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Intevac (NASDAQ:IVAC)

Q4 2013 Earnings Call

January 29, 2014 4:30 pm ET

Executives

Claire McAdams

Jeffrey Andreson - Chief Financial Officer, Principal Accounting Officer, Executive Vice President of Finance & Administration, Treasurer and Secretary

Wendell T. Blonigan - Chief Executive Officer and President

Analysts

David Rold - Needham & Company, LLC, Research Division

Mark S. Miller - Noble Financial Group, Inc., Research Division

Nehal Sushil Chokshi - Technology Insights Research LLC

Operator

Good day, and welcome to Intevac's Fourth Quarter 2013 Financial Results Conference Call. [Operator Instructions] Please note that this conference call is being recorded today, January 29, 2014.

At this time, I would like to turn the call over to Claire McAdams, Intevac's Investor Relations Council. Please go ahead.

Claire McAdams

Thank you, and good afternoon, everyone. Thank you for joining us today to discuss Intevac's financial results for the fourth quarter of 2013, which ended on December 31. In addition to outlining the company's financial results, we will provide guidance for the first quarter of 2014 and our current outlook for the full year. On today's call are Wendell Blonigan, President and Chief Executive Officer; and Jeff Andreson, Chief Financial Officer. Jeff will start with a review of the fourth quarter results, and then Wendell will provide an update on our businesses. Jeff will then provide guidance before turning the call over to Q&A.

Before turning the call over to Jeff, I'd like to remind everyone that today's conference call contains certain forward-looking statements, including, but not limited to, statements regarding financial results for the company's most recently completed fiscal quarter, which remains subject to adjustment in connection with the preparation of our Form 10-K, as well as comments regarding future events and projections about the future financial performance of Intevac. These forward-looking statements are based upon our current expectations, and actual results could differ materially as a result of various risks and uncertainties relating to these comments and other risk factors discussed in documents filed by us with the Securities and Exchange Commission, including our annual report on Form 10-K and quarterly reports on Form 10-Q. The contents of this January 29 call include time-sensitive forward-looking statements that represent our projections as of today. We undertake no obligation to update the forward-looking statements made during this conference call.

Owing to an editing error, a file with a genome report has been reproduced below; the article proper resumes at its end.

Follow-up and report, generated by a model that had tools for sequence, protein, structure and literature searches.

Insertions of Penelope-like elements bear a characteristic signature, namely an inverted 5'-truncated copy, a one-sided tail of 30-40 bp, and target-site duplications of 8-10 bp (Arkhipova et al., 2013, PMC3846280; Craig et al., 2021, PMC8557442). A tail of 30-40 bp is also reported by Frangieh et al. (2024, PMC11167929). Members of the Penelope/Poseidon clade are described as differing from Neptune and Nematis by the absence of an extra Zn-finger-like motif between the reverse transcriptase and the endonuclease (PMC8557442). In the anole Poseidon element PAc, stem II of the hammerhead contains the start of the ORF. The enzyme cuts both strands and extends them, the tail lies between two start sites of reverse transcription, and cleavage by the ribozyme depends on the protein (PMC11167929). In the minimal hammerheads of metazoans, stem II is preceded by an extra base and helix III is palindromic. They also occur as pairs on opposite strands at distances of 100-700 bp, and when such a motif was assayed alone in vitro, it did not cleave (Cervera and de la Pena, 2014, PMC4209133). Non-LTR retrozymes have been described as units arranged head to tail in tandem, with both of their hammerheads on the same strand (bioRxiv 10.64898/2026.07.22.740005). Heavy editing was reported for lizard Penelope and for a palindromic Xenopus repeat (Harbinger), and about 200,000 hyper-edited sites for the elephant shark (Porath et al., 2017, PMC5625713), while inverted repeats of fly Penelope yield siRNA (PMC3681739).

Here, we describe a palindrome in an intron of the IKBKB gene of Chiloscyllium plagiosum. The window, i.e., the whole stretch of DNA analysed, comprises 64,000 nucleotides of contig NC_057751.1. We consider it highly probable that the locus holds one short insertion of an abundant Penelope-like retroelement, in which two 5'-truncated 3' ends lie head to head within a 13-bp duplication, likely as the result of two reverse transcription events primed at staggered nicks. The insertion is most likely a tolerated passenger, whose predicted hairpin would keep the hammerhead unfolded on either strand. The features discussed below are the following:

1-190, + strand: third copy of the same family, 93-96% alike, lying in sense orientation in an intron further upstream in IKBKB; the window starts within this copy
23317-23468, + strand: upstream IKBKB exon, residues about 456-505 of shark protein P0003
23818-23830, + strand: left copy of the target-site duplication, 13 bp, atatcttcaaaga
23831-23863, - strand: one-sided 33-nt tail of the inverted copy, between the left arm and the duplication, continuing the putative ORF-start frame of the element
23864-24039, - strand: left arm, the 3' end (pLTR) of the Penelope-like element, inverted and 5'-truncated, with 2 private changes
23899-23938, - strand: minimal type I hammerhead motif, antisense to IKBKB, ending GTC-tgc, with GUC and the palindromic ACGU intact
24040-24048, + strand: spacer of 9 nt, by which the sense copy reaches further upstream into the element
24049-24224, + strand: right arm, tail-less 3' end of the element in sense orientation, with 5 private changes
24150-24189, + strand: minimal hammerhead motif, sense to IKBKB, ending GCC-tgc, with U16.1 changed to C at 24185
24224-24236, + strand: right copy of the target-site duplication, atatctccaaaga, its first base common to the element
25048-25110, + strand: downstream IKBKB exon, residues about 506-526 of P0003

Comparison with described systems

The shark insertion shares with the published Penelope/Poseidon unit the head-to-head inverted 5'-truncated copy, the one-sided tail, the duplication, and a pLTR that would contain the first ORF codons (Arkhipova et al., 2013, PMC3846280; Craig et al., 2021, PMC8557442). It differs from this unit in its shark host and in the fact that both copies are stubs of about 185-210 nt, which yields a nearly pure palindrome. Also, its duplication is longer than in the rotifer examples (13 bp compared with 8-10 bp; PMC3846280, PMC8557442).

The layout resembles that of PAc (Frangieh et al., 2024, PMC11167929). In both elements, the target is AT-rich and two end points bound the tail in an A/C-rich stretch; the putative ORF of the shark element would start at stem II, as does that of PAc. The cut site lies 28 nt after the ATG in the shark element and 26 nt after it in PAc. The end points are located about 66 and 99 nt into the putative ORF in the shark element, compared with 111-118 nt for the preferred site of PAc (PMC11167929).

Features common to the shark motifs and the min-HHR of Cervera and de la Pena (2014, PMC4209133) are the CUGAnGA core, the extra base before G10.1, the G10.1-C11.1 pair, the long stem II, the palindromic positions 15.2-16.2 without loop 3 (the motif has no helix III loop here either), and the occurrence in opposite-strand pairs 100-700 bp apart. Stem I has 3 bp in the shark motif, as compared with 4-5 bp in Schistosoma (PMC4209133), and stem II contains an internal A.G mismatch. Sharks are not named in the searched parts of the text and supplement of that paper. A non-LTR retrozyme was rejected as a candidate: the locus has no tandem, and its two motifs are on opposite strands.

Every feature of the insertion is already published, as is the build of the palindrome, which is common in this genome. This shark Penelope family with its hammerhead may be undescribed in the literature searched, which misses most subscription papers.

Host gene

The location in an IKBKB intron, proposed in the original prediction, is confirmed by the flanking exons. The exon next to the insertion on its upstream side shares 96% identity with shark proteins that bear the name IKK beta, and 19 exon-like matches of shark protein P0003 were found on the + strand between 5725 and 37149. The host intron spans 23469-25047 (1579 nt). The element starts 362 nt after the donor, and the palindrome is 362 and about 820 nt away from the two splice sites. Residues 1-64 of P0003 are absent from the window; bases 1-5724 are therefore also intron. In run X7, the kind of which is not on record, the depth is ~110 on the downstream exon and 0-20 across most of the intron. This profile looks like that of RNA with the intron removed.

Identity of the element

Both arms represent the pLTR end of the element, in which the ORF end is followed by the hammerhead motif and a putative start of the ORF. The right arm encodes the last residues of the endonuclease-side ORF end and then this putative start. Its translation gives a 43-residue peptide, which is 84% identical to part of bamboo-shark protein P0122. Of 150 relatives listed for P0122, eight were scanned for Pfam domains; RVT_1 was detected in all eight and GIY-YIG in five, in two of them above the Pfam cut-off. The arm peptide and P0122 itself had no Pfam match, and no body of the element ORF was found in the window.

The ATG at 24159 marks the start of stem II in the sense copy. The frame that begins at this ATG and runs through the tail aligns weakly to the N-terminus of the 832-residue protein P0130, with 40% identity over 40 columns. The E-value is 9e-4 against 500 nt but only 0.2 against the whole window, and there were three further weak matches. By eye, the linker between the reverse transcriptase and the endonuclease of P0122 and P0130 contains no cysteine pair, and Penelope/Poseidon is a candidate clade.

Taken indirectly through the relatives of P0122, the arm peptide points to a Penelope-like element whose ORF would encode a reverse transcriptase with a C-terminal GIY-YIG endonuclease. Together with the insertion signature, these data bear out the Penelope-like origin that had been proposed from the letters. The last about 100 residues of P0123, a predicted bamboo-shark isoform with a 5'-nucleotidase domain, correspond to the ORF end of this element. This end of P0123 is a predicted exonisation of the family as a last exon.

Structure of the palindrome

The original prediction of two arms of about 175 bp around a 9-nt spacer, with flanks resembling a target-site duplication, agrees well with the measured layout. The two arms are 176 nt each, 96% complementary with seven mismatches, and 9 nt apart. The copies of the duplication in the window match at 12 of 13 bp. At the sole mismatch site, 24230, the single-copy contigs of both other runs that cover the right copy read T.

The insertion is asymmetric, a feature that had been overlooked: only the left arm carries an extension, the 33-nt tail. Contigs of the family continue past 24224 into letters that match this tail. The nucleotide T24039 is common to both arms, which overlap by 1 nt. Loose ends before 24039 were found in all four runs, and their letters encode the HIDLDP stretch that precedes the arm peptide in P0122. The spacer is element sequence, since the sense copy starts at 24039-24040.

I will now turn the call over to Jeff to discuss our financial results for the fourth quarter. Jeff?

Jeffrey Andreson

Thanks, Claire. Consolidated fourth quarter revenues totaled $20.6 million, slightly above our guidance. Equipment revenue was $12.8 million and included 1 200 Lean system. Photonics sales of $7.7 million included $3.5 million of contract research and development revenues. Equipment gross margin was 38.1%, which was above our expectation but was down slightly from the third quarter, primarily due to the mix of lower-margin upgrades.

In our Photonics business, gross margin was 36.8%, an increase from the third quarter, due to improved yields and lower manufacturing variances. Consolidated gross margin was 37.6%. Q4 operating expense was $6.6 million, which included a reversal of a contingent consideration accrual of $3.7 million. In our 2010 acquisition of Solar Implant Technologies, the agreement included a revenue earnout on future revenues. Our current revenue expectations are reduced from prior estimates to -- mainly due to the delay in the transition of the technology.

Total R&D and SG&A expenses were $10.3 million, up slightly from the third quarter due to a lower-level, customer-funded nonrecurring engineering in our Equipment business in the fourth quarter.

Our Q4 net income on a GAAP basis was $1.7 million or $0.07 per share. Our Q4 net loss on a non-GAAP basis excludes the reversal of the revenue earnout accrual and was $2 million or $0.08 per share, as compared to our guidance of a loss of $0.13 to $0.15 per share.

Our backlog was $15.9 million at quarter end -- $59.9 million at quarter end. Equipment backlog of $13.6 million included 1 200 Lean system and 1 solar system. Backlog in our Photonics business was $46.3 million. We ended the quarter with cash and investments of $81.4 million, equivalent to approximately $3.43 per share based on 23.8 million shares at quarter end. Cash and investments decreased by $4.3 million, principally due to the operating loss and stock repurchases.

During the quarter, we initiated a $30 million stock repurchase program and bought back 241,000 shares for $1.7 million. Capital expenditures were $844,000 and depreciation and amortization was $1.2 million for the quarter. For the full year, we exceeded our goal of reducing our cash burn by 50% from 2012.

I'll now turn the call over to Wendell.

Wendell T. Blonigan